Medibank Private up for sale in 2014-15

Finance Minister Mathias Cormann has announced the planned sale of Medibank Private. AAP/Alan Porritt

The government has given the green light for Medibank Private to be put up for public sale next financial year.

Although Finance Minister Mathias Cormann would not put any value on the company, it has been widely estimated to be worth around $4 billion. The sale would involve an initial public offering and be subject to market conditions.

Announcing the decision, Cormann said that an independently prepared scoping study had reaffirmed the Coalition’s long-held view that there was “no compelling reason” for the government to continue to own the health insurer.

“Medibank Private is a commercial business operating in a well functioning, well regulated, competitive private health insurance market with 34 competing funds,” he said. There was no market failure.

The scoping study had found no evidence that premiums would increase as a result of the sale. Medibank Private would need to continue to comply with the relevant regulatory requirements under which changes in premiums have to go to the government for approval.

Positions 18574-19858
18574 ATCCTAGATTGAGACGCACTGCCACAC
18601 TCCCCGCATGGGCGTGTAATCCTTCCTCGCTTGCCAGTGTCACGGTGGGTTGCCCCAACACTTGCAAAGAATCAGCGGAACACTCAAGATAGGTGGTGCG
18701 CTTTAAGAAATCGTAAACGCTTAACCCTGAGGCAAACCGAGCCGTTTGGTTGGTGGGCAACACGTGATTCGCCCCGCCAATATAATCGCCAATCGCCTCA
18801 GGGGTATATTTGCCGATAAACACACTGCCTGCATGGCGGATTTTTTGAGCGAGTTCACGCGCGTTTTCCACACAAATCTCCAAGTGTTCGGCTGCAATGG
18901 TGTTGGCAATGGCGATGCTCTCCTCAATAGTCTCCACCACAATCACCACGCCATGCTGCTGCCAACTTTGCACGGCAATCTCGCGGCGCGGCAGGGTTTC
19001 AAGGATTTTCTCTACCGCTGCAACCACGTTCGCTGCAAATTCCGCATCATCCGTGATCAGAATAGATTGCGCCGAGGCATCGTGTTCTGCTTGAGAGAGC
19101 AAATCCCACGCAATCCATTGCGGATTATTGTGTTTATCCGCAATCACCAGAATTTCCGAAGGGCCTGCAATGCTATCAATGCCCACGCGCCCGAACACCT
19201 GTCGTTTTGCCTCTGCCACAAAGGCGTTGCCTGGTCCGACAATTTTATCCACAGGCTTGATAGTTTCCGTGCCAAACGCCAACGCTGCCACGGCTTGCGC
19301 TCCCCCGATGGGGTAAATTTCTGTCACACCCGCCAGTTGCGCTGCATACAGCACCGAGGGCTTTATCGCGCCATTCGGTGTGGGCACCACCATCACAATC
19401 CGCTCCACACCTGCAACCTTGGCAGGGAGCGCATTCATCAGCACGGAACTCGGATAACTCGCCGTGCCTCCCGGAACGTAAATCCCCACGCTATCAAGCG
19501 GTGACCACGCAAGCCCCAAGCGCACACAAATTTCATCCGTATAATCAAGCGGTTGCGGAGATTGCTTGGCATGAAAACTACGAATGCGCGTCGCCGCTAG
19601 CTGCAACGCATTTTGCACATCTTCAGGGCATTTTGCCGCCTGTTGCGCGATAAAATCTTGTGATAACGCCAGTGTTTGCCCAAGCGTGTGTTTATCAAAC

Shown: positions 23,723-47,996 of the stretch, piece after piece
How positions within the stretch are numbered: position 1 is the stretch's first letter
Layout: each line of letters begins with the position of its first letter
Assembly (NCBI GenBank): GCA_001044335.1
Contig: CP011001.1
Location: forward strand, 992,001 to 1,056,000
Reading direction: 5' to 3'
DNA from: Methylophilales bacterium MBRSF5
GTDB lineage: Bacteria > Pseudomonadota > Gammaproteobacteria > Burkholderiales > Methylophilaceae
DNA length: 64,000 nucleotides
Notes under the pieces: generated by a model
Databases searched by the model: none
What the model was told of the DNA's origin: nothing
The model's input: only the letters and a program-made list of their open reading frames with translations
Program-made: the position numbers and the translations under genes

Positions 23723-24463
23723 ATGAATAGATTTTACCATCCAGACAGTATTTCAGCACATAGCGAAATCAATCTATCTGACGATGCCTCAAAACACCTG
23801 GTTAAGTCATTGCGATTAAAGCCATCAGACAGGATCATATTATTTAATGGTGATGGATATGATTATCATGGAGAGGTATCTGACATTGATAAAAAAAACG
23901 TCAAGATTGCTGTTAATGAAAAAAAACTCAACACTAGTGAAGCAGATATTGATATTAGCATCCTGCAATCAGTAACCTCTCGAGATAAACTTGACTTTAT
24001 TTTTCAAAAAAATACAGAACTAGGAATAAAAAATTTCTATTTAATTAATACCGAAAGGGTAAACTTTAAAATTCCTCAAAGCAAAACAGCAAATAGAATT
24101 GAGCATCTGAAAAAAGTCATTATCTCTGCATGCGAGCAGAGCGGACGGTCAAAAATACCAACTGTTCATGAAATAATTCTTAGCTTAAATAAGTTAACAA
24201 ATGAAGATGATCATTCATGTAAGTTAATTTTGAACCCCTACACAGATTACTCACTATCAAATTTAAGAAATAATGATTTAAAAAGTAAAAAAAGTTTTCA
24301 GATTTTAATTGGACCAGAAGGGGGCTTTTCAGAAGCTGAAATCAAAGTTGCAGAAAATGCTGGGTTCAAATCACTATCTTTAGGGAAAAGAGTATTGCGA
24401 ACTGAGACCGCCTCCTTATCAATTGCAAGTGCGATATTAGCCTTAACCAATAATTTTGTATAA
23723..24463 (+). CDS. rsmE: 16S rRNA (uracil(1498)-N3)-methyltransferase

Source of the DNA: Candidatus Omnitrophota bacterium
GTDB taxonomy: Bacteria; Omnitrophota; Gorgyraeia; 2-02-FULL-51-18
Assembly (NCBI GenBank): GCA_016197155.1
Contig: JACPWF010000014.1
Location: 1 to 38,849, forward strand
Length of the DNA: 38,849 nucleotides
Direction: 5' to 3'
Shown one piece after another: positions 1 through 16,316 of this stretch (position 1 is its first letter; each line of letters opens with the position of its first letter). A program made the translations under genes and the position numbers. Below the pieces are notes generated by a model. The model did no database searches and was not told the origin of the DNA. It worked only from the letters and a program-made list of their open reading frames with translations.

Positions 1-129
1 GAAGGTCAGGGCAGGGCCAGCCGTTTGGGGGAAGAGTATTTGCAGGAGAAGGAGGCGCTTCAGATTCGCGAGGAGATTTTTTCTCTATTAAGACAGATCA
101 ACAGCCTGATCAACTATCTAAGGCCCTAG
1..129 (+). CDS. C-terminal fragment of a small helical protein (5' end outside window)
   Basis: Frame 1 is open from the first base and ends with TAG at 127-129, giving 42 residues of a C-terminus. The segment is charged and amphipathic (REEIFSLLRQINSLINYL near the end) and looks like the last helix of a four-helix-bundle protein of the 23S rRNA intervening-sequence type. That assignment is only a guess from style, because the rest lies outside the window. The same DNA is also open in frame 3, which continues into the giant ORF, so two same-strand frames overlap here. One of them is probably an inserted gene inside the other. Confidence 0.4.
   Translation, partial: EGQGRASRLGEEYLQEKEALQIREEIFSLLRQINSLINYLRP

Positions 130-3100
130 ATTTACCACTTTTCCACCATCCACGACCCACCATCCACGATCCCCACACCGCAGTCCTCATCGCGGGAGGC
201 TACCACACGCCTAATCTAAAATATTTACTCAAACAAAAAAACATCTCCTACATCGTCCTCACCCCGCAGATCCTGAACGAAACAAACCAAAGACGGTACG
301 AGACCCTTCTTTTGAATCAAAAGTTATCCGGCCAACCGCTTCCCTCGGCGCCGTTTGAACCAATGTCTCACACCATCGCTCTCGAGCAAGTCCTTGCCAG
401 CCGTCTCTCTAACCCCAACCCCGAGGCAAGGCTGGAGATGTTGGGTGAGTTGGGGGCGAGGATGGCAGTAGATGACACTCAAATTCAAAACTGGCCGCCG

The sale of Medibank Private would remove the inherent conflict of having the government both the market regulator and the owner of a large participant in the market, Cormann said.

The sale will be conducted under legislation passed by the Howard government in 2006, which imposes a 15% limit on an individual ownership level. This stipulation would apply for five years. The existing legislation means that the government does not have to get Senate approval.

Cormann said the government’s stated intention was to recycle the funds from Medibank Private for investment in productivity-enhancing infrastructure.

The precise timing and structure of the initial public offering are yet to be determined. In preparation for the sale and transition to new ownership, the government has appointed three new board members. They are David Fagan, an experienced banking and major projects lawyer with Clayton Utz; Linda Nicholls, director of a number of leading companies; and Christine O'Reilly, a director of companies including CSL Transurban and Energy Australia.

Labor is opposed to the sale of Medibank Private.

An earlier version of this article wrongly said it would improve the budget bottom line.